The City Council spoke favorably Wednesday of a master plan process for Alamo Plaza that could lead to an unprecedented upgrade to the historic mission and battle site.
During a work session, council members encouraged a 21-member panel of residents and the city staff to keep pushing forward and carefully coordinate with the state on creation of a “premier visitor experience.”
But council members Shirley Gonzales and Joe Krier cautioned Lori Houston, director of the Center City Development & Operations Department, to keep the Texas General Land Office, which oversees the state’s Alamo complex, engaged in the process, especially with a new land commissioner taking office in two months. The Land Office has created a nonprofit foundation that is raising funds for a visitor center in or near the plaza.
The Alamo Plaza Advisory Committee has met for more than five months to develop goals for a plaza master plan. Councilman Diego Bernal, who is co-chairman of the panel, has said a plaza upgrade could be funded with up to $22 million redirected from the recently scuttled streetcar plan and a 2017 bond package. The council is expected to adopt the panel’s work Dec. 11.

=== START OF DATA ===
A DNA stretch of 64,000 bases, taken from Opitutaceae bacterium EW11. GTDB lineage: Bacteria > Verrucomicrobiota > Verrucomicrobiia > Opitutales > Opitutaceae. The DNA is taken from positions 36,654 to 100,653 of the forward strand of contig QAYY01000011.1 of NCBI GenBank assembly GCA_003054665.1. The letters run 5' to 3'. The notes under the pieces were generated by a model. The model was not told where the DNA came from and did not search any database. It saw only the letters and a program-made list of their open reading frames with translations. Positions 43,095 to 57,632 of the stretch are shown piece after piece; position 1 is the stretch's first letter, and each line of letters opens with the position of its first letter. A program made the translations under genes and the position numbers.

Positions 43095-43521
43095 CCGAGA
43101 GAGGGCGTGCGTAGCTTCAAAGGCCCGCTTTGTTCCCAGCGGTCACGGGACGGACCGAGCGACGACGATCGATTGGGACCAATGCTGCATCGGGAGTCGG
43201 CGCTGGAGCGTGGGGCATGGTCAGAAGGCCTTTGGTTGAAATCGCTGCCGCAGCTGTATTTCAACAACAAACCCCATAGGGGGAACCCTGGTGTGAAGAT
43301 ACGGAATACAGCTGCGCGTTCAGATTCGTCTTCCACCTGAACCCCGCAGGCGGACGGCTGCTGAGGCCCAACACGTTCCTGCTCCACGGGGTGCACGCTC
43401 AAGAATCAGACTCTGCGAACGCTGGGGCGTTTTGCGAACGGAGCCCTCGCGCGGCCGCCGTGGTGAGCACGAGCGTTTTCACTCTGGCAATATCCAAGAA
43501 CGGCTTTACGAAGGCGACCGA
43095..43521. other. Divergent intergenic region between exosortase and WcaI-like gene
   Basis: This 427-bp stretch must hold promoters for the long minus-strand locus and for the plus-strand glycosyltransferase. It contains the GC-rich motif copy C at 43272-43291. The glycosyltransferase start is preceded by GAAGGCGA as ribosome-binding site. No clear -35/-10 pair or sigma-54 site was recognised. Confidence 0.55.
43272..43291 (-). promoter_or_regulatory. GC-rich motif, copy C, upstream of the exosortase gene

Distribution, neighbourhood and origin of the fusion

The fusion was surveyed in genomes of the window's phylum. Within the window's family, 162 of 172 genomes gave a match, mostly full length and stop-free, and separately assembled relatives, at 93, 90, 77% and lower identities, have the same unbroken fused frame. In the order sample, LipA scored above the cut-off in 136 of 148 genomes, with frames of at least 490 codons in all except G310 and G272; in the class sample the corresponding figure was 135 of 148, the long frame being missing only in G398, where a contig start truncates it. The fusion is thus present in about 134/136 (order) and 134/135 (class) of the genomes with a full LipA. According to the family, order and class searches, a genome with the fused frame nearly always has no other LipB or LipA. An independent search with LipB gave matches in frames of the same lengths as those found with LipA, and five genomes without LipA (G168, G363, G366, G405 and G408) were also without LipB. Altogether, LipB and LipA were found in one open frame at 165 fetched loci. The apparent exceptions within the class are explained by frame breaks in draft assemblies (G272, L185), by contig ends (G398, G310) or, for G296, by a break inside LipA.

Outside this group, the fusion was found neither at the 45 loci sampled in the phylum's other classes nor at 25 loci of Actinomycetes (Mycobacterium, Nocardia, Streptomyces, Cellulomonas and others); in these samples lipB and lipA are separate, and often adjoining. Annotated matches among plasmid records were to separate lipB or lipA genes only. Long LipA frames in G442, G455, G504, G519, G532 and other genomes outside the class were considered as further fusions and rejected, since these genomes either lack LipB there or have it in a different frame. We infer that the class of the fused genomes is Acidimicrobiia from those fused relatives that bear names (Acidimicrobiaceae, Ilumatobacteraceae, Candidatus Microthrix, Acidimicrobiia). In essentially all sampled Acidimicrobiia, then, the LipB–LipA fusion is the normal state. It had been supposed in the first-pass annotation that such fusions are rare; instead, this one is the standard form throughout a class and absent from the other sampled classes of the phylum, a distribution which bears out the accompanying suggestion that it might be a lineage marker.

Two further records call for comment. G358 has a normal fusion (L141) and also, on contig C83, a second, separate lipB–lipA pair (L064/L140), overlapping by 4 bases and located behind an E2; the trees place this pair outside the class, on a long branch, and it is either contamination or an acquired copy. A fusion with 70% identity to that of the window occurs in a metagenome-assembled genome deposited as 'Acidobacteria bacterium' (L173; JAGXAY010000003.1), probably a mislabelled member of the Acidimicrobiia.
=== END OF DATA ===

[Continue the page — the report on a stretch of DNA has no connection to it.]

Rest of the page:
The city will hold a competitive process to find a design and consulting team best qualified to complete a master plan in mid-2016, with recommendations on buildings, streets, open spaces and other design elements to attract more visitors. Although the state complex includes the mission-era church and Long Barrack, the adjacent city-owned plaza sits on land that was the focal point of a 1700s mission, American Indian burial ground and the epic 1836 siege and battle.
Bernal said the committee, whose members include representatives of the Land Office and private interests around the plaza, seeks a plan that acknowledges “every stripe” of culture with ties to the site.
Land Commissioner Jerry Patterson has said he envisions a visitor center opening by 2020 to house artifacts, including more than 200 recently donated by rock musician and Alamo enthusiast Phil Collins. The Land Office has not determined a cost for the facility.
Alamo devotees have long said the site needs more exhibit space. Some have suggested a visitor center be built in the Hipolito F. Garcia Federal Building on the plaza’s north end, one of the historic structures on its west side or on a 9,122-square-foot cul-de-sac along …….more here.
Staff Writer | San Antonio Express-News